By Jay TownsendMay 16, 2013
LITTLE ROCK, Ark. - Official position: Natural resources specialist/SWL Water Safety Team chair
Years with SWL: 3.5
Years of federal service: 11
Hometown: Fruitland, Mo.
Education: B.S. biology, wildlife management and B.S. criminal justice, law enforcement; Minor in general agriculture
How were you chosen as the water safety champion?
Three lovely ladies, who will remain anonymous (they know who they are) approached me and coerced, hmmm, I mean, encouraged me to apply for the co-chair position because they could see potential in me. So I was voted in as co-chair and two years later rotated to the chair.
What additional duties come with this responsibility?
Nearly 90 percent of the drownings at Corps-managed lakes could have been prevented if the victim was wearing a life jacket. So the main responsibility is to find ways to reduce the number of unnecessary deaths from drowning. Other than the assisting program manager with oversight, management, and directional guidance for the team, a major responsibility that I feel is important is to shine the light and brag on our excellent team members and other district employees in the water safety arena. These folks are the real champions. You cannot measure our success very accurately. It's hard to put a number on how many drowning didn't happen, so I feel it's important to constantly recognize their efforts.
Do you take this role personally?
Absolutely! I take each water safety accident personally. I try to zero in on each case, target what went wrong and what could have been done to reach the victim before the tragedy to ultimately prevent it from occurring in the future.
What are your short and long-term goals as water safety champion?
The most important, among the many, short- and long-term goals are the same: Not to be satisfied with status quo. I want to bring new, innovative ideas and concepts to the district and nation. We've got to figure out how to reach our target demographic (18- to 35-year-old males) better. My goal is to figure out how to make water safety one of their priorities. One of the big challenges is figuring out where to reach them. Is it Facebook or Twitter or do they care about it there? Do we only have a few short minutes when they are filling out their Day-Use-Pass? One big goal is to find the "sweet spot," or the prime real estate for a water safety message that will reach the bullet proof male. We've also got to come up with messages that are gripping and unfortunately-tragic so we can reach folks. In today's world we only pay attention to things if they have a "shock factor" or they "blow our minds." Our goal is to come up with real water safety messages that actually reach people's emotions and create an image of the consequences of unsafe boating and swimming. The challenge is getting these types of images approved.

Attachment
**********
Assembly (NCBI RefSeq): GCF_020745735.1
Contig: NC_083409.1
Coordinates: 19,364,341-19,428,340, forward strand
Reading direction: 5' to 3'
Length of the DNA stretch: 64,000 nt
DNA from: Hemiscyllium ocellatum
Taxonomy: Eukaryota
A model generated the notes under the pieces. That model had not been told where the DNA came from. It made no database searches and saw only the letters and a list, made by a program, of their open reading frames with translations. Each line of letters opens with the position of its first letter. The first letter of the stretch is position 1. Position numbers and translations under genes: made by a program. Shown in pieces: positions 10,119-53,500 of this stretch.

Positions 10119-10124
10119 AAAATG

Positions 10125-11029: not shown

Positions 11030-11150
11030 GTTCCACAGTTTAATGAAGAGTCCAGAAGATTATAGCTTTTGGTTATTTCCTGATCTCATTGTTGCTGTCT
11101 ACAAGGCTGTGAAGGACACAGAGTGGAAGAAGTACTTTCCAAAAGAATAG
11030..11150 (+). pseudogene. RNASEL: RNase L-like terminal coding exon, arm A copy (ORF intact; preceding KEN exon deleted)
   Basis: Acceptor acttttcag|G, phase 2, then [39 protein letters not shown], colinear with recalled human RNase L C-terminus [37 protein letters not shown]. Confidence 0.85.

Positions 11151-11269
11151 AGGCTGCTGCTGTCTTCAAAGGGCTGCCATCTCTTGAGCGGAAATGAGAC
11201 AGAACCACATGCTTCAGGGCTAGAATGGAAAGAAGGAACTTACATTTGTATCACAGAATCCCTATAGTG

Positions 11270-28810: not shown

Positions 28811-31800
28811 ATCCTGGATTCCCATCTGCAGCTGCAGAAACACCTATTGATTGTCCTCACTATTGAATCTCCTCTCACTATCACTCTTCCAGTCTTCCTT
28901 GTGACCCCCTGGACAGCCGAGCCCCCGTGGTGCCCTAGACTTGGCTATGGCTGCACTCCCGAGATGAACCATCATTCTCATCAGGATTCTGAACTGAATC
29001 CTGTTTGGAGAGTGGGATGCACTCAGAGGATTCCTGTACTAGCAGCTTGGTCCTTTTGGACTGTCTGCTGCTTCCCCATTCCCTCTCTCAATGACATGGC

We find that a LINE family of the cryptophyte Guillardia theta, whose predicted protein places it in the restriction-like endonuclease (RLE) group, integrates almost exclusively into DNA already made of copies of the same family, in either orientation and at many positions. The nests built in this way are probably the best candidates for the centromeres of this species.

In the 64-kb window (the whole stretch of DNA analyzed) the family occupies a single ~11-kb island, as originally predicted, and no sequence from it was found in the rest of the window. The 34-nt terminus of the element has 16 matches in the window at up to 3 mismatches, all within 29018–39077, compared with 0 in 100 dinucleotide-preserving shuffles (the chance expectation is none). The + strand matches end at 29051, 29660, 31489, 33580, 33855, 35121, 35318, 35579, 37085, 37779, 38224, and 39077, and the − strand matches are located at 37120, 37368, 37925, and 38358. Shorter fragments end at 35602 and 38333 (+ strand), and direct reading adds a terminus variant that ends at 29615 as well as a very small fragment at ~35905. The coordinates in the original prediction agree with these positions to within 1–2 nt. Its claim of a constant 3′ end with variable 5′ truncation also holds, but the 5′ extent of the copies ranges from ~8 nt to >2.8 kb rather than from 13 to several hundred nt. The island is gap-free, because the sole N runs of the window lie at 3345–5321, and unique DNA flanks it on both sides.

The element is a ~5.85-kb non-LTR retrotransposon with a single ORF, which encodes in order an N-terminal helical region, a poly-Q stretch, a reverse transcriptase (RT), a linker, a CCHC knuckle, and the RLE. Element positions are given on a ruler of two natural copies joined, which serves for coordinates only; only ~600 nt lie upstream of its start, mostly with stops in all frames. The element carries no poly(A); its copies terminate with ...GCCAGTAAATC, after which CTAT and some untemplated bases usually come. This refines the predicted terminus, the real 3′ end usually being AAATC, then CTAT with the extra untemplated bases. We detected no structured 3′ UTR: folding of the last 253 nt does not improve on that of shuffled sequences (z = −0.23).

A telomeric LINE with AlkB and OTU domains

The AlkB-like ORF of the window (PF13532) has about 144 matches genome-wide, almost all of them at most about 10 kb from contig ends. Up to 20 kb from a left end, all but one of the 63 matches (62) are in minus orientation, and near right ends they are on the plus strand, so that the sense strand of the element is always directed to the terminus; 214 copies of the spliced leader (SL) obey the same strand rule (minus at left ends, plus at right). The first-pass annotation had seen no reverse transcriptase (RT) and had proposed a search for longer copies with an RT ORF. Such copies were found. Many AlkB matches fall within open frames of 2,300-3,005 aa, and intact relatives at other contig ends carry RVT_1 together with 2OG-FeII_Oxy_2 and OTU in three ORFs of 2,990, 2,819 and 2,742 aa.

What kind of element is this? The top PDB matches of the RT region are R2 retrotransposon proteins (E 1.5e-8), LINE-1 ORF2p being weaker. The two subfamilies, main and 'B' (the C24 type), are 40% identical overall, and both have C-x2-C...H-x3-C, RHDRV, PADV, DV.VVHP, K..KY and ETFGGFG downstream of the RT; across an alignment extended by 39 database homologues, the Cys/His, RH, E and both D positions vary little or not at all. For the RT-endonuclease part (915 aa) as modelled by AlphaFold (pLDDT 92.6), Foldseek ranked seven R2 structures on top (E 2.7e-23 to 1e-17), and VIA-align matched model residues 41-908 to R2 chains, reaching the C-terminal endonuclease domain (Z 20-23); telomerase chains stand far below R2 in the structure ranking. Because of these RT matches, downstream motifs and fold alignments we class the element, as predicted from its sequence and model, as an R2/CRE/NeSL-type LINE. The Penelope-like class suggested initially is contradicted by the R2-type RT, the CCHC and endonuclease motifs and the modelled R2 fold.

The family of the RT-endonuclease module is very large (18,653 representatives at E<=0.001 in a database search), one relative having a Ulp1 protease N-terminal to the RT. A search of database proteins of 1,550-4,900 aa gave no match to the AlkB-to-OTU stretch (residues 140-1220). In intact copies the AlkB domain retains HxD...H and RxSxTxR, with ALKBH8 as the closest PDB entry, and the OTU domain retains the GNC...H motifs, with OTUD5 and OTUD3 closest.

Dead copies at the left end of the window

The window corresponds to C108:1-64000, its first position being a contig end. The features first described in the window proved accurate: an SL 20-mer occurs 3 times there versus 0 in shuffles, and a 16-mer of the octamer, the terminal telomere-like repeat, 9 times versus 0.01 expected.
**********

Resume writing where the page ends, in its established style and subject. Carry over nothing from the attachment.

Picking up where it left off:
Will this assignment make you a better ranger?
You bet. You learn something new every day in this position. I'm learning how to be a better communicator and how to share my vision and inspire others to jump on board.
What do you like to do in your free time?
I love spending time with my wife Christy, hunting, fishing, camping, and training my black lab Cole how to properly beg for treats.